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red algee? (maybe)

This is a discussion on red algee? (maybe) within the Saltwater Fish Diseases forums, part of the Saltwater Fish and Coral Reef Tanks category; --> well that is a lot of help who do i listen to?...

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Old 01-31-2007, 06:42 PM   #11
 
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well that is a lot of help who do i listen to?
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Old 01-31-2007, 07:08 PM   #12
 
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Yourself.





Never listen to any of us. Read the advice given and pick what works best for you and your tank. If you can only mix 20g at a time then 20g it is. If doing 10g once a month doe snot fix the problem increase it a bit. If doing a sudden 40g WC your corals or fish look stressed cut back a little. The goal here is to rid your tank of excess nutrients or phosphates.

Again I'll say, increase yor flow to 30 times the water volume of the tank, add a Phosban reactor (they really are dirt cheap and since this is a recurring problem it will only help), water changes.
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Old 01-31-2007, 10:19 PM   #13
 
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Is the Phosban reactor something that stays on the tank or is it used only when needed?
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Old 01-31-2007, 11:11 PM   #14
 
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This is the best phos media but it's pricey. A great write up as well.
http://www.deltecusa.us/aquariummedia/rowaphos.php

This is the cheapest and most respected reactor.

http://www.twolittlefishies.com/tlf_...html?lang_id=1

Good deal and another write up explaining how excess nutrients contribute to algae problems.

http://cgi.ebay.com/PHOSBAN-REACTOR-...QQcmdZViewItem
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Old 02-04-2007, 09:01 PM   #15
 
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well I just ordered a seio 2600 and I hope it comes in soon, but in the mean time I put my rio 2500 in the tank that I was using to help me pump water out and in for my water changes. it is moving a ton more water I hope it takes care of the problem. I have a hair algee problem any recommendations?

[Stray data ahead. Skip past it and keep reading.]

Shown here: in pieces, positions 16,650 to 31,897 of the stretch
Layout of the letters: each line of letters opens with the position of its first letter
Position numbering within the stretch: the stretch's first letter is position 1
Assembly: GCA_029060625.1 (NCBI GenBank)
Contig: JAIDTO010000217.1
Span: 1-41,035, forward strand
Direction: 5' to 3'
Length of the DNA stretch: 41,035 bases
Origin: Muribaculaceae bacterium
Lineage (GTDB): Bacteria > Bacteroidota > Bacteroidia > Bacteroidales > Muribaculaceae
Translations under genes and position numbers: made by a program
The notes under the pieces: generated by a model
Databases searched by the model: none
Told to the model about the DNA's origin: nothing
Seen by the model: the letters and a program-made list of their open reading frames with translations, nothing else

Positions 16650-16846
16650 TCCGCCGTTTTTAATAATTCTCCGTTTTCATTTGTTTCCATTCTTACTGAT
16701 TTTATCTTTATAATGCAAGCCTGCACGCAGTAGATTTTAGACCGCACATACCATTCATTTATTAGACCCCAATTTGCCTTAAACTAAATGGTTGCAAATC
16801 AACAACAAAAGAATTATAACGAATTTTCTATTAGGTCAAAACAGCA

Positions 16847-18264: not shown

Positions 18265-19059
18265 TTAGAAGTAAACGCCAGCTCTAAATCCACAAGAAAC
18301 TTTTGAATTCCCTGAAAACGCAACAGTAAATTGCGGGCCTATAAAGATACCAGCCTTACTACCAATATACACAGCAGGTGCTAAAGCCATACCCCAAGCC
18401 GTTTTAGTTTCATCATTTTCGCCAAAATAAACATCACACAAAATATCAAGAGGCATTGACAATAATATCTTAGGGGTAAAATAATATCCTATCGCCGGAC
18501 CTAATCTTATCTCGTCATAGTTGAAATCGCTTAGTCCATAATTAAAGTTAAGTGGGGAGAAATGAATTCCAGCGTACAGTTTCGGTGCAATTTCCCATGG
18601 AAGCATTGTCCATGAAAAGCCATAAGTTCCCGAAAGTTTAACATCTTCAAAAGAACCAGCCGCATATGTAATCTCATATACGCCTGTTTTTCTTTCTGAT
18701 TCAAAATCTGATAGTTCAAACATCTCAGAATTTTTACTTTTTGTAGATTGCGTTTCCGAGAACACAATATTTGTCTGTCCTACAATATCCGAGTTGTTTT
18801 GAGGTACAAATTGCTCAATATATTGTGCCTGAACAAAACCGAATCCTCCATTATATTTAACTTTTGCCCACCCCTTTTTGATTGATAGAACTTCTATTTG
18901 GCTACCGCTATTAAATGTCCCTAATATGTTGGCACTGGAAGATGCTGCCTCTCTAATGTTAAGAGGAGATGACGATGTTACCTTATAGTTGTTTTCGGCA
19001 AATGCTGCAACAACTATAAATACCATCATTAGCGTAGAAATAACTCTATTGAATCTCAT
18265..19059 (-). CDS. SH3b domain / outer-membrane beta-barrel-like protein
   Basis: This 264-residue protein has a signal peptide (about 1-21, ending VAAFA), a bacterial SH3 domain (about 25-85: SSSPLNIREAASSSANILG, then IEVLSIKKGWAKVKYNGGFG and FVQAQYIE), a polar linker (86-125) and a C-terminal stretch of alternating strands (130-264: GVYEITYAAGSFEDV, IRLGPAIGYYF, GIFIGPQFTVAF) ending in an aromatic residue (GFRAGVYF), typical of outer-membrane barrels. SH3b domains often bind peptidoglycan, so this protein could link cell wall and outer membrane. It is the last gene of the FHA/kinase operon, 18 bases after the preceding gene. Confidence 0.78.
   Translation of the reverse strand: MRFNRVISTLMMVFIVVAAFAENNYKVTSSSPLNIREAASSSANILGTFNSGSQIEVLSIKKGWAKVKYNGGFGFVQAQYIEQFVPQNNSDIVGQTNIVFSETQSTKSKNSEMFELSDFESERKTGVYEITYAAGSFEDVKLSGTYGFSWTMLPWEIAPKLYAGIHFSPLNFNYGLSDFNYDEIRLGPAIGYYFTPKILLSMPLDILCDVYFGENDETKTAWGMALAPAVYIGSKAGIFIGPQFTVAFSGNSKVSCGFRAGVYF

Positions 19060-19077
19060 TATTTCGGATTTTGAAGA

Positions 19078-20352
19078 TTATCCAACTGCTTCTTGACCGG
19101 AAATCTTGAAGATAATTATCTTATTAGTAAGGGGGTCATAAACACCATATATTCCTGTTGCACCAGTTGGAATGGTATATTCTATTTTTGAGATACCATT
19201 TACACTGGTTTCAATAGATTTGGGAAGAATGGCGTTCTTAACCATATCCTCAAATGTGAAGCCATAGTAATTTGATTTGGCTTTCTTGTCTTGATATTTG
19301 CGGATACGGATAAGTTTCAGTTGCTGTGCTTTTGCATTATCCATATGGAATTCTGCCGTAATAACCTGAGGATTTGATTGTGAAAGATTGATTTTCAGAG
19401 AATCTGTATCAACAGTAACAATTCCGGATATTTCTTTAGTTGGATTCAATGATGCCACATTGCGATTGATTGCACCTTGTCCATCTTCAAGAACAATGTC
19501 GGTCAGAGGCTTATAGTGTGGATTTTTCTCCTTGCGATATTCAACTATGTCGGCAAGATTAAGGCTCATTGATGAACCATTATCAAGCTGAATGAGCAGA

Roger
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Old 02-04-2007, 09:04 PM   #16
 
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by the way this is the 90 gal not my 75 reef tank
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Old 02-04-2007, 09:35 PM   #17
 
Folks:

I am asking this for my own edification.

I understand that in the "salt water world" lighting is as important if not more important than filtration.

I do not understand why Roger is experiencing this problem with a wet/dry filtration system.

In my freshwater system the return water to the tank generates significant flow in the tank.

This is just a question but would not a pump with a larger output fix this problem assuming the biological and mechanical filtration is adequate?

TR
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Old 02-05-2007, 05:20 PM   #18
 
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Jones in a 90g tank I'd be pressing for about 3,000-3,500GPH or more for flow. Flow is very important in saltie tanks. A wet/dry for a 90g tank would not work if hooked up to a pump that could push 5,000GPH (giving extra for head losses). Also wet/dry filters can become a source of bane for saltie keepers if it is not regularly maintained. that's why you'll here more and more keepers referring to a sump (a place to add a skimmer out of sight) and a refugium (a place to grow unwanted algaes and such so as to use upt the nutrients). A sump or wet/dry is normally recommended to have a flow between 5-10 times the water volume whereas the tank should have 30-40 times turnover rate.
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Old 02-06-2007, 01:12 PM   #19
 
Quote:
Originally Posted by caferacermike
Jones in a 90g tank I'd be pressing for about 3,000-3,500GPH or more for flow. Flow is very important in saltie tanks. A wet/dry for a 90g tank would not work if hooked up to a pump that could push 5,000GPH (giving extra for head losses). Also wet/dry filters can become a source of bane for saltie keepers if it is not regularly maintained. that's why you'll here more and more keepers referring to a sump (a place to add a skimmer out of sight) and a refugium (a place to grow unwanted algaes and such so as to use upt the nutrients). A sump or wet/dry is normally recommended to have a flow between 5-10 times the water volume whereas the tank should have 30-40 times turnover rate.
I believe that I understand.

In the "saltwater world" the flow required in the tank is so great that if the flow were returned through the sump the filtration would not be effective.

TR
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Old 02-06-2007, 05:22 PM   #20
 
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